Markets Insights

Focus on Fed meeting, Trump and trade data

China has agreed to cut tariffs on cars imported from the US, and placed major orders of US soya beans, but an analyst warns that "it may be too early for any celebrations".
China has agreed to cut tariffs on cars imported from the US, and placed major orders of US soya beans, but an analyst warns that “it may be too early for any celebrations”. PHOTO: AGENCE FRANCE-PRESSE

Rate hike forecasts and data releases will keep investors on their toes this week

Even as markets wind down ahead of Christmas and the new year, there is plenty on the agenda this week - from interest rate hike forecasts to trade data - to keep investors on their toes.

The US Federal Open Market Committee meeting from Dec 18-19 is expected to end with the last interest rate hike for this year, and investors will scrutinise its post-meeting statement for clues on what to expect next year. The Fed's last median projection in September indicated there would be three hikes next year, but after more dovish comments from Fed chairman Jerome Powell recently, markets are hoping for just one hike instead.

United Overseas Bank's (UOB) global economics and markets research team maintains its expectation of three hikes of 25 basis points next year, but said the policy path will become more uncertain if the Fed shifts from its well-worn "gradual rate trajectory" rhetoric to place more emphasis on data dependency.

The US is also staring at the possibility of a government shutdown if US President Donald Trump does not get the funding he wants for a border wall in federal funding talks with Democratic leaders before the Dec 21 deadline. However, markets are fairly unperturbed so far, for a couple of reasons. Mr Trump previously made similar threats to shut the government down over immigration demands, but did not follow through. Also, the majority of funding for US federal agencies was approved earlier this year, leaving fewer to be affected by a shutdown.

Data releases this week will be monitored for impact from the trade war, but are likely to be overshadowed by other events like Brexit talks and US-China trade headlines.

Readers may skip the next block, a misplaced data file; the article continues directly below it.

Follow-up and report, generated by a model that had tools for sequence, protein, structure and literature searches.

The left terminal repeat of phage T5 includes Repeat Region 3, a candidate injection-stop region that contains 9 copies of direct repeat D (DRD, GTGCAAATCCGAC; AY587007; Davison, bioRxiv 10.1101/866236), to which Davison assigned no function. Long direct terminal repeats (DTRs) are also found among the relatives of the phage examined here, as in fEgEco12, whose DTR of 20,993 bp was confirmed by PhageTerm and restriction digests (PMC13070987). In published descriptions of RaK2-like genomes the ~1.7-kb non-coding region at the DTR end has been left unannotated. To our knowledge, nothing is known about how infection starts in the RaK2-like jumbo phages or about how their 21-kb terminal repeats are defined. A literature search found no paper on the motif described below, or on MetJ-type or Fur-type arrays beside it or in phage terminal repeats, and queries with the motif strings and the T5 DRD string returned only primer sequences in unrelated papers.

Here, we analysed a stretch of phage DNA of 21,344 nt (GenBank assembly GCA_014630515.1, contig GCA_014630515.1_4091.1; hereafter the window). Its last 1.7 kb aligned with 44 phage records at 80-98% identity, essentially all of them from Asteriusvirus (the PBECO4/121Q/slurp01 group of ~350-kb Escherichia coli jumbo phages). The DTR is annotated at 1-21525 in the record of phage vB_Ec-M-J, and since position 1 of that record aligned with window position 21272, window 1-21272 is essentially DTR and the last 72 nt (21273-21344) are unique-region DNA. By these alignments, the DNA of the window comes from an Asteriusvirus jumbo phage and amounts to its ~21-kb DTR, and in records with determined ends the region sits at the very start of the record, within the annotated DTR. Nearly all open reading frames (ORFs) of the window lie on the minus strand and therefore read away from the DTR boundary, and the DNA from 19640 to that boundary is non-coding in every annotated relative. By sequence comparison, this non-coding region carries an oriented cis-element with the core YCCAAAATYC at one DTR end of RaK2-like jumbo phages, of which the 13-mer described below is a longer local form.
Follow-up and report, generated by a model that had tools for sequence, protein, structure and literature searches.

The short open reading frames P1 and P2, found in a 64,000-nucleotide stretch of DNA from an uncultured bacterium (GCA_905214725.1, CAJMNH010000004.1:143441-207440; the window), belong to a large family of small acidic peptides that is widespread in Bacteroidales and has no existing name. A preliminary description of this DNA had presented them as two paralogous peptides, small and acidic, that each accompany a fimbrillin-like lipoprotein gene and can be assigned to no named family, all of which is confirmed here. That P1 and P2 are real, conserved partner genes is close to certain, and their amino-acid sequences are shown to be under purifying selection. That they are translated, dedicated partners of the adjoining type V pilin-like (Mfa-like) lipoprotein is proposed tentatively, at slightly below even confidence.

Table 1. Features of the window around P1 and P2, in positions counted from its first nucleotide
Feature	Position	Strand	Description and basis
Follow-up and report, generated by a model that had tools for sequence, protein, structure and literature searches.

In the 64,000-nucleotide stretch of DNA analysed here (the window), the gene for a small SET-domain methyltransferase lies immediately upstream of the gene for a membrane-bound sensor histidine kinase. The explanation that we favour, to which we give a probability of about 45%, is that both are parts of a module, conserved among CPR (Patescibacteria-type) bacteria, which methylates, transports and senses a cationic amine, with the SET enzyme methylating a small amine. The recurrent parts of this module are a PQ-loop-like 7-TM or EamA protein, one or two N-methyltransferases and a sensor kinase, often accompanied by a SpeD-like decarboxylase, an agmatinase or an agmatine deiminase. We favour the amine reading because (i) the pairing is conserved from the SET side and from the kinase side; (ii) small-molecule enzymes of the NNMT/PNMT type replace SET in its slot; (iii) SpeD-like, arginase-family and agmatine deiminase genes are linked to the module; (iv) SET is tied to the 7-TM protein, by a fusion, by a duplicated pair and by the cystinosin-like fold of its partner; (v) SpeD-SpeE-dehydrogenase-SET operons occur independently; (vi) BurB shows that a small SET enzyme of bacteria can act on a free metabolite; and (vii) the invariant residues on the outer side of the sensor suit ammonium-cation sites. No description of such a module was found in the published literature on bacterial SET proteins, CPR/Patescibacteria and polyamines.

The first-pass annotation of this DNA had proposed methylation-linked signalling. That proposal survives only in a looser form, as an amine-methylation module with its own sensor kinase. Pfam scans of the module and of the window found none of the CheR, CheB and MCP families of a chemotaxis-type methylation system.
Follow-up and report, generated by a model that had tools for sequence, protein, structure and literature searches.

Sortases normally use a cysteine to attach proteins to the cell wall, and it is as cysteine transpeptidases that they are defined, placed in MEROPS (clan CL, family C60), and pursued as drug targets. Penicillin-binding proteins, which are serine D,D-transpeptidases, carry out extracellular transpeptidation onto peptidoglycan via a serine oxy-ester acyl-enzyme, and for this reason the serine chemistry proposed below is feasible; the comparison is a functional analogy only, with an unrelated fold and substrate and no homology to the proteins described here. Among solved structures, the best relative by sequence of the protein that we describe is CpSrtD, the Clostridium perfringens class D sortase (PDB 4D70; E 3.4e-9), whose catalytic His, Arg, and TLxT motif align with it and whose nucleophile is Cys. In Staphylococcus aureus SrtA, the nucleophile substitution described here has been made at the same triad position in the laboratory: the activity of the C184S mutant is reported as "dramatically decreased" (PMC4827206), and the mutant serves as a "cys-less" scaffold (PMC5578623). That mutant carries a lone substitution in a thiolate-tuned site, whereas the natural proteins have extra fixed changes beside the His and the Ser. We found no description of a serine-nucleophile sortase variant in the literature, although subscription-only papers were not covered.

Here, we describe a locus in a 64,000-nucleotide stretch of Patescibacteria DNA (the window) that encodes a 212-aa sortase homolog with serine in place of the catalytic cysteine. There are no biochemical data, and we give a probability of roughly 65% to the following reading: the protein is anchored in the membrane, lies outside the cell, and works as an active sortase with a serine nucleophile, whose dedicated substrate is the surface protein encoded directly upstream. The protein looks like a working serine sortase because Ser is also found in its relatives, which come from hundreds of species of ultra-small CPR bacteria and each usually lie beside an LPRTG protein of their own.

"Although trade tensions between the world's two largest economies seem to be easing following reports of China placing major orders of US soya beans and reducing US car tariffs, it may be too early for any celebrations," FXTM research analyst Lukman Otunuga said. "With trade disputes in the past re-escalating just a few days after cooling, investors should remain cautious and on high alert."

This week, Chinese leaders will be focusing on the annual Central Economic Work Conference on Dec 19-21, which will set the policy priorities and tone for the coming year. UOB expects their guidance for the 2019 economic outlook to include an early assessment of US-China trade negotiations.


Singapore releases its non-oil domestic exports for November today. UOB expects a year-on-year contraction of 2.8 per cent, from an 8.3 per cent rise in October - the first decline since March.

Other countries reporting November trade data this week are Indonesia today, Japan on Wednesday and Thailand on Thursday. All will be scrutinised for the trade-war impact, said Mr Prakash Sakpal, ING economist for Asia.

A version of this article appeared in the print edition of The Straits Times on December 17, 2018, with the headline 'Focus on Fed meeting, Trump and trade data'. Print Edition | Subscribe